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CLEO Thread, Does this mean everyone in Blackpool is leaving cleo? in Regional Broadband Consortiums (RBC); Just seen this on bbc, are Blackpool currently on cleo network? This says things are to change BBC News - ...
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    dezt's Avatar
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    Does this mean everyone in Blackpool is leaving cleo?

    Just seen this on bbc, are Blackpool currently on cleo network? This says things are to change
    BBC News - Blackpool Council to provide its own broadband to public buildings

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    Geoff's Avatar
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    Blackpool is a unitary authority (Blackburn is too IIRC) and not part of the wider Lancashire County County which CLEO covers, so no.

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    dezt's Avatar
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    Oh, so that doesn't explain the massive price hike then.

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    Yup. Blackpool has never been in CLEO IIRC. As a unitary authority they did their own thing. It always make's me smile on my way out of Blackpool when you see the 'Welcome to Lancashire' sign.
    I do like this bit:

    She said the framework would "allow for at least six other Lancashire councils to collaborate and join the network".
    Does that mean 'It's very expensive and we'd like others to help out with costs'?

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    Geoff's Avatar
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    Well yes, economies of scale say if they pool together with other Lancashire councils they are all going to save a bit of cash. The logical conclusion is that this sort of infrastructure provisioning should be done at County level though isn't it?

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    BT Now run all of the LCC IT infrastructure. Perhaps some people don't want them as their service provider?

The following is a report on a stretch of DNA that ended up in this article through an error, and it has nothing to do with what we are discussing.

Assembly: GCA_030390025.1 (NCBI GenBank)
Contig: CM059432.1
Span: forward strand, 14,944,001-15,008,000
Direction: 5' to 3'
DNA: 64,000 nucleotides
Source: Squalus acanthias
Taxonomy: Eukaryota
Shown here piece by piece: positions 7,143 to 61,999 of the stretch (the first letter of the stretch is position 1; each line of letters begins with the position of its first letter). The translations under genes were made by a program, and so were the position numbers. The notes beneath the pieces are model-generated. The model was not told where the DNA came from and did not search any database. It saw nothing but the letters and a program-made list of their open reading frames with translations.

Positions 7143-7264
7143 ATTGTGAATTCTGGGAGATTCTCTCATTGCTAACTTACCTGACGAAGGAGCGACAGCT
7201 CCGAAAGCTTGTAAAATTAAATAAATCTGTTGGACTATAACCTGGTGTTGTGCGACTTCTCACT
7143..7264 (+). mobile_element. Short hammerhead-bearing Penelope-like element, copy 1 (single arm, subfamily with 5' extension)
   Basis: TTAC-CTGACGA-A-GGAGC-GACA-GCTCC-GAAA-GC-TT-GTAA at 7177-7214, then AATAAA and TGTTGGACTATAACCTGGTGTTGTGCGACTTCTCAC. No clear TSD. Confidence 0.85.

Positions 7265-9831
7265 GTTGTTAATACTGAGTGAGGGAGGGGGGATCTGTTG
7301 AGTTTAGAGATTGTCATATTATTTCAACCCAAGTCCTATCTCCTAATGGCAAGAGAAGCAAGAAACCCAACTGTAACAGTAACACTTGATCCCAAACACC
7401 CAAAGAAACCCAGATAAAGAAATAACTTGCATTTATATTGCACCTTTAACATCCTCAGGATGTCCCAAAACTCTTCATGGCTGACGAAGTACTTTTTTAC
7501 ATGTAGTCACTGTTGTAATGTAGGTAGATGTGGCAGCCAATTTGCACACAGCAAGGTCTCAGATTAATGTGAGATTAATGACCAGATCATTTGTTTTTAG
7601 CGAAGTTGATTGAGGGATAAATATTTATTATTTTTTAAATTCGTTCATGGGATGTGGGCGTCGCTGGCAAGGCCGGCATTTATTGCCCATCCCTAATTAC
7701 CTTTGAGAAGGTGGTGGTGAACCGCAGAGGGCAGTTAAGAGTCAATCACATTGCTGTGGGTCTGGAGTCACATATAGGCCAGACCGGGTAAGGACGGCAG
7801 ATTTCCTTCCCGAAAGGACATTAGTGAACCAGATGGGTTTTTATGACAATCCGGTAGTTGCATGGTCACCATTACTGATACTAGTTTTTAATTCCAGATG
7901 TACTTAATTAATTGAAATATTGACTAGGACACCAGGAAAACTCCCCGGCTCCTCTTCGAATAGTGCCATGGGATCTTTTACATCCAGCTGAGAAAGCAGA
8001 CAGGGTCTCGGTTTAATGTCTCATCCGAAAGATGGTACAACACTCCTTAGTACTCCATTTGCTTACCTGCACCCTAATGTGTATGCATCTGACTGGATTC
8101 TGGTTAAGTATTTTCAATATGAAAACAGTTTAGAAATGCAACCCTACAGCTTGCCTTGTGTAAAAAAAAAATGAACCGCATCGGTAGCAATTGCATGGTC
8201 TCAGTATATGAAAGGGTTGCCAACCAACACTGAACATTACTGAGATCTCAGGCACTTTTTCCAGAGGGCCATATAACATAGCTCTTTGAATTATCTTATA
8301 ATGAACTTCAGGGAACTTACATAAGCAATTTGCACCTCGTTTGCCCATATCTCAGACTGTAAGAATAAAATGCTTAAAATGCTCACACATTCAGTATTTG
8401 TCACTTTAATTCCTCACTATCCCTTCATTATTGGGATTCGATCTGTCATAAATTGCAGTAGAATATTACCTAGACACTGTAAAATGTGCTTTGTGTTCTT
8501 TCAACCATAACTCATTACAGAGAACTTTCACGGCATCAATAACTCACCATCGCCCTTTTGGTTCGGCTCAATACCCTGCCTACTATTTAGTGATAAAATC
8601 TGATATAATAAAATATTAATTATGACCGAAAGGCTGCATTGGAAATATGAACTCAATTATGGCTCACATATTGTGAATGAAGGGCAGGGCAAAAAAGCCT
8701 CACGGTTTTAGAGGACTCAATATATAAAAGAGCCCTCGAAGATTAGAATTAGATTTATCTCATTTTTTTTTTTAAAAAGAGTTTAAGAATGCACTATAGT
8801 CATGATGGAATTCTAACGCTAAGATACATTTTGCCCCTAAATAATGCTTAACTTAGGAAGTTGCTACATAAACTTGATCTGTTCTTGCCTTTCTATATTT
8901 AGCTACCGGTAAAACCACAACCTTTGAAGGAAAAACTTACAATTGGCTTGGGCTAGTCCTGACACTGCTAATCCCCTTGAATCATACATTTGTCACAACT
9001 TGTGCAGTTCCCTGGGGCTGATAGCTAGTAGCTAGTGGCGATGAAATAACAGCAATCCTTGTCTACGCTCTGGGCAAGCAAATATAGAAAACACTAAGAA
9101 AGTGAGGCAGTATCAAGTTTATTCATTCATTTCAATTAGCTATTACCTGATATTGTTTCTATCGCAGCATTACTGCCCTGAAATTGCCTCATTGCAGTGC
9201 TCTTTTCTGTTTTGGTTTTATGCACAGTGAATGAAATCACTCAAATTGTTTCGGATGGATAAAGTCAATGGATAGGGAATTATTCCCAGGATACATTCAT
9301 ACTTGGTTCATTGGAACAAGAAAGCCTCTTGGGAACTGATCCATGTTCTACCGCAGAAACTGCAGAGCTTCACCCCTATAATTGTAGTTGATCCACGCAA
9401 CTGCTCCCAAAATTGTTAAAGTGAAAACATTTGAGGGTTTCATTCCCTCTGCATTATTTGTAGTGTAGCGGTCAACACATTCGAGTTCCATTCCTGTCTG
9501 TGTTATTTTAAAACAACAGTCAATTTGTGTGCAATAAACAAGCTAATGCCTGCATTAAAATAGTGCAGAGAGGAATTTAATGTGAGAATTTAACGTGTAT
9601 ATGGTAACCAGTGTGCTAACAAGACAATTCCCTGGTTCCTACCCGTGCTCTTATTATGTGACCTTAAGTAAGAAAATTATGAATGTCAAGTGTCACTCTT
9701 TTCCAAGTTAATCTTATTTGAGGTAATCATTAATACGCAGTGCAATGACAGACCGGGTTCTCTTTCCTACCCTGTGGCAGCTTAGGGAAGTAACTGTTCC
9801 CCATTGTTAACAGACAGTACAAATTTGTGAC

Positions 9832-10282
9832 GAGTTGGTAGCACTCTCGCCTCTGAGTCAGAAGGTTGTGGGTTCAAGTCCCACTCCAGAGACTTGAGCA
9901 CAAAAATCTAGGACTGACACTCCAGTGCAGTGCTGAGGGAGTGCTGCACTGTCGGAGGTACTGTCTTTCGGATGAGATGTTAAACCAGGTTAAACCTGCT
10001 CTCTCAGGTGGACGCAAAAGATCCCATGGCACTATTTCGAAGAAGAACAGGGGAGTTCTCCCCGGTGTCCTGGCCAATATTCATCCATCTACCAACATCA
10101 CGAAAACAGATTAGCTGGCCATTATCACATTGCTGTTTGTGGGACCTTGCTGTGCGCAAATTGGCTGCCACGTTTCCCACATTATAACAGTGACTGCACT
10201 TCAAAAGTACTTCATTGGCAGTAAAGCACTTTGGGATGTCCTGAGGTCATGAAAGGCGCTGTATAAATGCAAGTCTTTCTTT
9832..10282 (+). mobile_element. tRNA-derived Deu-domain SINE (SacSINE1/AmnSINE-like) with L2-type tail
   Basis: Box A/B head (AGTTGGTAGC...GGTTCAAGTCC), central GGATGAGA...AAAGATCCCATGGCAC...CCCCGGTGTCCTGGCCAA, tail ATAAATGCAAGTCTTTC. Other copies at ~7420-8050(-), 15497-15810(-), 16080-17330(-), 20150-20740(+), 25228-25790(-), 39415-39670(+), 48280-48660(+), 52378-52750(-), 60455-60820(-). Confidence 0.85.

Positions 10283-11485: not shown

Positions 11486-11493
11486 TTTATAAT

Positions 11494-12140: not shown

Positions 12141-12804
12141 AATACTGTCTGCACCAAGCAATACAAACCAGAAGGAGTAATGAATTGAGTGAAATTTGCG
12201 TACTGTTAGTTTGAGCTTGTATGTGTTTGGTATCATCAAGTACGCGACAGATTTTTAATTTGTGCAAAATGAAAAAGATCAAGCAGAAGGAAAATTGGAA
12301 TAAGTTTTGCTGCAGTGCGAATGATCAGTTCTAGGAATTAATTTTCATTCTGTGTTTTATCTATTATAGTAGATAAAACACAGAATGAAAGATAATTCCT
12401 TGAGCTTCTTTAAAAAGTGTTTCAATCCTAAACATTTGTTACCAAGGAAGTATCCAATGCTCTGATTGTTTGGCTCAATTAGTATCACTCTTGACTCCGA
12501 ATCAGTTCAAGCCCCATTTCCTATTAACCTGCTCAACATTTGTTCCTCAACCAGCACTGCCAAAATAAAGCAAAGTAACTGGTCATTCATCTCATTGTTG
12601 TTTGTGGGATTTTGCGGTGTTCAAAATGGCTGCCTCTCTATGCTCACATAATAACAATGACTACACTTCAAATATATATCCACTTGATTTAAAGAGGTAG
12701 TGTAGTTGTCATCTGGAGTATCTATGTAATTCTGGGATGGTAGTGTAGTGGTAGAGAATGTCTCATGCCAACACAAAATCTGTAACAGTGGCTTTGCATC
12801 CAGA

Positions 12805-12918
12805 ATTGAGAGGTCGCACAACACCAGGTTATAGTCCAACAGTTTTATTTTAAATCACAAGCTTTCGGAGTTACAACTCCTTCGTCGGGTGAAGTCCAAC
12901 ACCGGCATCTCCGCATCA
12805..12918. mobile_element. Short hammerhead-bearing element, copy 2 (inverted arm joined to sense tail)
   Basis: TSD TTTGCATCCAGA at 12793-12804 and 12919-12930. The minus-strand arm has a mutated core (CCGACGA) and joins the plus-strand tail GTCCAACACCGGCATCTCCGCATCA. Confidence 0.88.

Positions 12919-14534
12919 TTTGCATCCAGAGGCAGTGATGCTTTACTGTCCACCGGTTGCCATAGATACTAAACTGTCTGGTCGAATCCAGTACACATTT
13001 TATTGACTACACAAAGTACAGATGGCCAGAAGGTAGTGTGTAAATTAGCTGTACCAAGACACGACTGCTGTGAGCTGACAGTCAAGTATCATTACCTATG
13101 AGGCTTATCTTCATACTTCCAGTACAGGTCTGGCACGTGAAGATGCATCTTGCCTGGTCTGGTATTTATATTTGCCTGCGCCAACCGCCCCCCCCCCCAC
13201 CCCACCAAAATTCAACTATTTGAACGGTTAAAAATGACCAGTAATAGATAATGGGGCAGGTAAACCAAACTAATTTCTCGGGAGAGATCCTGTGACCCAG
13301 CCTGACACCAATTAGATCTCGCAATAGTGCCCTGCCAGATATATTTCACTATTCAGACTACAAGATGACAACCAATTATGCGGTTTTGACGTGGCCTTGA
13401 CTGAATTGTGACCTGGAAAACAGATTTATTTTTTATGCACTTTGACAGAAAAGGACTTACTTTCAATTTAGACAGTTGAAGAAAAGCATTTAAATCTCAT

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    @Geoff:

    You would certainly think so, unfortunately in this world of economics LA's cannot compete against the big boys, we asked this question of our LA and they told us that they cannot due to cost factors beyond their control.

    Unless they are laying in their own dark fibre if they have the certification and the man power to do so and even then they cannot price match against the likes of BT Openreach and VirginMedia etc etc!

    Our LA did exactly this and still haven't been able to match the top 5 ISP's for price and service.

    It is an unfortunate state of play but this is the real world and profits have to be made even in the LA.

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    how does laying fibre work? Do virgin media lay through ducting owned by open reach.

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    Quote Originally Posted by bossman View Post
    It is an unfortunate state of play but this is the real world and profits have to be made even in the LA.
    Especially now they are outsourced and run by private companies.

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    Geoff's Avatar
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    Quote Originally Posted by ConradJones View Post
    how does laying fibre work? Do virgin media lay through ducting owned by open reach.
    Yes, BT willl let anyone do this.

    http://www.openreach.co.uk/orpg/home...polesharing.do

    Virigin doesn't let BT at it's ducts though.

    Ofcom UK Shuns BT Demand for Virgin Media to Open its Broadband Cable Ducts − ISPreview UK News
    Last edited by Geoff; 17th May 2013 at 11:44 PM.

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    Hi all, just stumbled across this. Being involved with TNP, I can shed some light:


    Regarding the above article - yes, this only relates to Blackpool and some other unitary and local authorities named on the procurement, not the larger Lancashire piece which as you'll know, has been BT Oneconnect/LCC since it was taken over from Lancaster Uni back in 2011. Part of the point in this procurement is to try and avoid the kind of price hikes being seen across the LCC region by offering more flexibility to Blackpool (and others).


    RE some of the terminology above - regarding suppliers not being able to match BT Openreach - BT Openreach is a regulated network operator (by Ofcom), it doesn't sell services directly to customers at all (hence Local Authorities not being able to use them directly unless they spin off their own commercial operation). Any supplier registered as a communications provider with Openreach can use Openreach fibre at the same cost as anyone else, BT retail/wholesale included. That's the whole point in Openreach not being a part of BT Retail/Wholesale/Global, Openreach just runs the underlying network assets and the pricing is a level playing field to all. So yes, smaller operators can and do undercut BT (and Virgin Media). Of course, it's also possible to lay Dark Fibre and use Microwave where appropriate.


    Cheers,
    Robin.

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